Conquest was in a groove and in the third started to showcase his full arsenal of punches, tight uppercuts and scything hooks on the inside and big left-rights from every conceivable angle when at range.
Round four was a barnstorming slugfest, both warriors just stood toe-to-toe and let rip. Even though working on the inside should have suited Owoh better it was Conquest’s speed that was still the telling factor. Before Owoh could let off any telling shots Conquest would fire off a salvo of wickedly fast sharp rights to the body, forcing Owoh to take a step back before countering. Each time Owoh threw a shot Conquest had already countered with two or three heavier shots back.
More of the same in the middle rounds with Conquest piling on the pressure and beating Owoh to the punch virtually every time.
By the start of the eighth Owoh was clearly down on points and needing a knockout. However the pace that Conquest had set was causing the former World Super Middleweight star big problem, Owoh started to look dejected and covered up more and more, to no avail as Conquest kept up the relentless assault and was getting way too much success.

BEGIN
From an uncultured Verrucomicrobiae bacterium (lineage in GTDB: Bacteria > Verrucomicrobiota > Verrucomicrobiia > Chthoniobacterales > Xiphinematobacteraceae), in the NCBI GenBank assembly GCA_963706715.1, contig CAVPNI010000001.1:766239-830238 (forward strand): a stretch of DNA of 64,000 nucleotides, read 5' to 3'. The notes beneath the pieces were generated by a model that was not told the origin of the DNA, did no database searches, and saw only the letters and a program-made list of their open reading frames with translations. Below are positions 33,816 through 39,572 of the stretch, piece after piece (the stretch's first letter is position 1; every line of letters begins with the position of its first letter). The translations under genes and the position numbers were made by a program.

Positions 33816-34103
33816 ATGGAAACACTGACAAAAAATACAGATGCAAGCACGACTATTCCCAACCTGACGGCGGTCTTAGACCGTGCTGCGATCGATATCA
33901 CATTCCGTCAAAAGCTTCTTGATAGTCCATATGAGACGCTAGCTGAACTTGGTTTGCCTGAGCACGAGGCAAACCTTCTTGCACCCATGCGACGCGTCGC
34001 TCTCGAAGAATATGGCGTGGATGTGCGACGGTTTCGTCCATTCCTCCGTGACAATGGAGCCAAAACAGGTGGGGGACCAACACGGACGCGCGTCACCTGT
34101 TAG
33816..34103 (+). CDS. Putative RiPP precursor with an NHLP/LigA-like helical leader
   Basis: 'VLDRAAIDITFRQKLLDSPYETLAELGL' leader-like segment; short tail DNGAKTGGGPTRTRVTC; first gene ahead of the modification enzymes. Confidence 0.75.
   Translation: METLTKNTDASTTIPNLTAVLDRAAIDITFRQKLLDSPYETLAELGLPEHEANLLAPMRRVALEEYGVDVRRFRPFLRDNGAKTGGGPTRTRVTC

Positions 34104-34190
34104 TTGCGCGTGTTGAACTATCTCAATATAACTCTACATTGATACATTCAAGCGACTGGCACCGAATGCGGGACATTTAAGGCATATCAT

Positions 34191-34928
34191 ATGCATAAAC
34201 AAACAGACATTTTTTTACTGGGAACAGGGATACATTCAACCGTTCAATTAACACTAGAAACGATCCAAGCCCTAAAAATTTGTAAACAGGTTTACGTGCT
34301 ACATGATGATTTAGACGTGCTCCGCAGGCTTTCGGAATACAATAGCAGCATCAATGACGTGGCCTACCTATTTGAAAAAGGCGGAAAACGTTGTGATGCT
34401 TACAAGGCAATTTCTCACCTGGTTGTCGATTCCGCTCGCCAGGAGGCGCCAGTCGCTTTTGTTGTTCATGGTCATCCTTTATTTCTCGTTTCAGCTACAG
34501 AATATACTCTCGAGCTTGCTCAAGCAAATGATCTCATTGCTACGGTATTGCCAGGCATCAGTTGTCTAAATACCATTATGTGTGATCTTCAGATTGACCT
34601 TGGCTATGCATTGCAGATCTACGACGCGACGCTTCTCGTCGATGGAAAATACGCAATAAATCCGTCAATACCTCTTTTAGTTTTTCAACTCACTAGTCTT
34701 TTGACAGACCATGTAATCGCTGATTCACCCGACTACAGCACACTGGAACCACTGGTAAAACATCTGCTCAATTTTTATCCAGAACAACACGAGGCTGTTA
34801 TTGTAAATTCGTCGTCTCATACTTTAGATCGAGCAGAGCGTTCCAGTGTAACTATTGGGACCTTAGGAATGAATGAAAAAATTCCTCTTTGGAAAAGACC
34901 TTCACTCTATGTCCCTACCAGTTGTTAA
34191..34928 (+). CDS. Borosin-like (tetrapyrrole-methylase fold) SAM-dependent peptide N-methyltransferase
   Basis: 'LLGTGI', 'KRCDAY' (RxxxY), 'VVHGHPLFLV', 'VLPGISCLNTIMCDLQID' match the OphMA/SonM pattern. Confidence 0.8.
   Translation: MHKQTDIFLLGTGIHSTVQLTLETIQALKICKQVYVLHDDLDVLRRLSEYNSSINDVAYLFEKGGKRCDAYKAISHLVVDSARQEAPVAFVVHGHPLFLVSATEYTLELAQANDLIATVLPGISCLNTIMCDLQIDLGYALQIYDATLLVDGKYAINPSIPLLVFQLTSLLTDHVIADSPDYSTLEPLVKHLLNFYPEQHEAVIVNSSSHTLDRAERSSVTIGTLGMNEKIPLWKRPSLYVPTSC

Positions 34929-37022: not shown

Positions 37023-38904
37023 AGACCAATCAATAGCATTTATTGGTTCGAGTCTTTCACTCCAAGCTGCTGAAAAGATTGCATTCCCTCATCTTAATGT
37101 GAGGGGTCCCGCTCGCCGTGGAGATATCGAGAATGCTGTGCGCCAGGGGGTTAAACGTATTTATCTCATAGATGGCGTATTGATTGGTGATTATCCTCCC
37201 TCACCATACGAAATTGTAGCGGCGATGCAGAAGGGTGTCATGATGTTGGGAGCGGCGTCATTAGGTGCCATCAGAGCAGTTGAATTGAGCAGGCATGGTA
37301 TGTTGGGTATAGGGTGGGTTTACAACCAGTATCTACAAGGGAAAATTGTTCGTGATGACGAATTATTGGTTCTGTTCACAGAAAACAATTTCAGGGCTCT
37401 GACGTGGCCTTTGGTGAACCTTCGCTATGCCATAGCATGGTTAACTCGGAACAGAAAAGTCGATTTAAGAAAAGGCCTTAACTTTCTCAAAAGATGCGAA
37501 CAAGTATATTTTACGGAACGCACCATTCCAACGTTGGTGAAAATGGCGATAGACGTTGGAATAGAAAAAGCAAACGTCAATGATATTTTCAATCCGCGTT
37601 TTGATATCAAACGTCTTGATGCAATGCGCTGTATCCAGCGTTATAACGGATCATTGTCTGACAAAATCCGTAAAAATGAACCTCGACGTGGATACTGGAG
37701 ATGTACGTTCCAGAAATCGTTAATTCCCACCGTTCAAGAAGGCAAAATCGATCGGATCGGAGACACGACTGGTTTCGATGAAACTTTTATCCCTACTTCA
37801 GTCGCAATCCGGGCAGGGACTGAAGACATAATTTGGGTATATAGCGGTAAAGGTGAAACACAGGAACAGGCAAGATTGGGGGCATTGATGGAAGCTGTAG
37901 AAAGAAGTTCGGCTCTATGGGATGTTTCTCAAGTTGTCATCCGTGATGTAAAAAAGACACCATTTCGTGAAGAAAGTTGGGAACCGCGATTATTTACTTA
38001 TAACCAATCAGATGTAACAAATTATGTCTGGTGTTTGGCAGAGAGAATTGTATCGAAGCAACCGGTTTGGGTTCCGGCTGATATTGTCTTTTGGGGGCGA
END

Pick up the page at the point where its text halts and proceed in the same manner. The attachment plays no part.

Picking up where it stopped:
Things got worse for Owoh in the ninth, Conquest stepped it up another gear and plain broke down Owoh’s guard with a relentless double handed assault. Conquest was on fire and looked to get his first championship belt by way of a stoppage finish. Throughout the round the Romford man just backed up Owoh and let rip with every conceivable punch, to which Owoh barely replied. Referee Ken Curtis started to take a close look at Owoh to ensure that he could still defend himself, Owoh was clearly aware of Curtis’ presence as each time he got close Owoh would let rip with a half hearted flurry. Early in the final minute Conquest landed a massive uppercut, that sent Owoh’s gum shield skittering across the canvas. Owoh looked relieved as Curtis stopped the action to retrieve the errant piece of plastic and took advantage of the short break to get his breath back.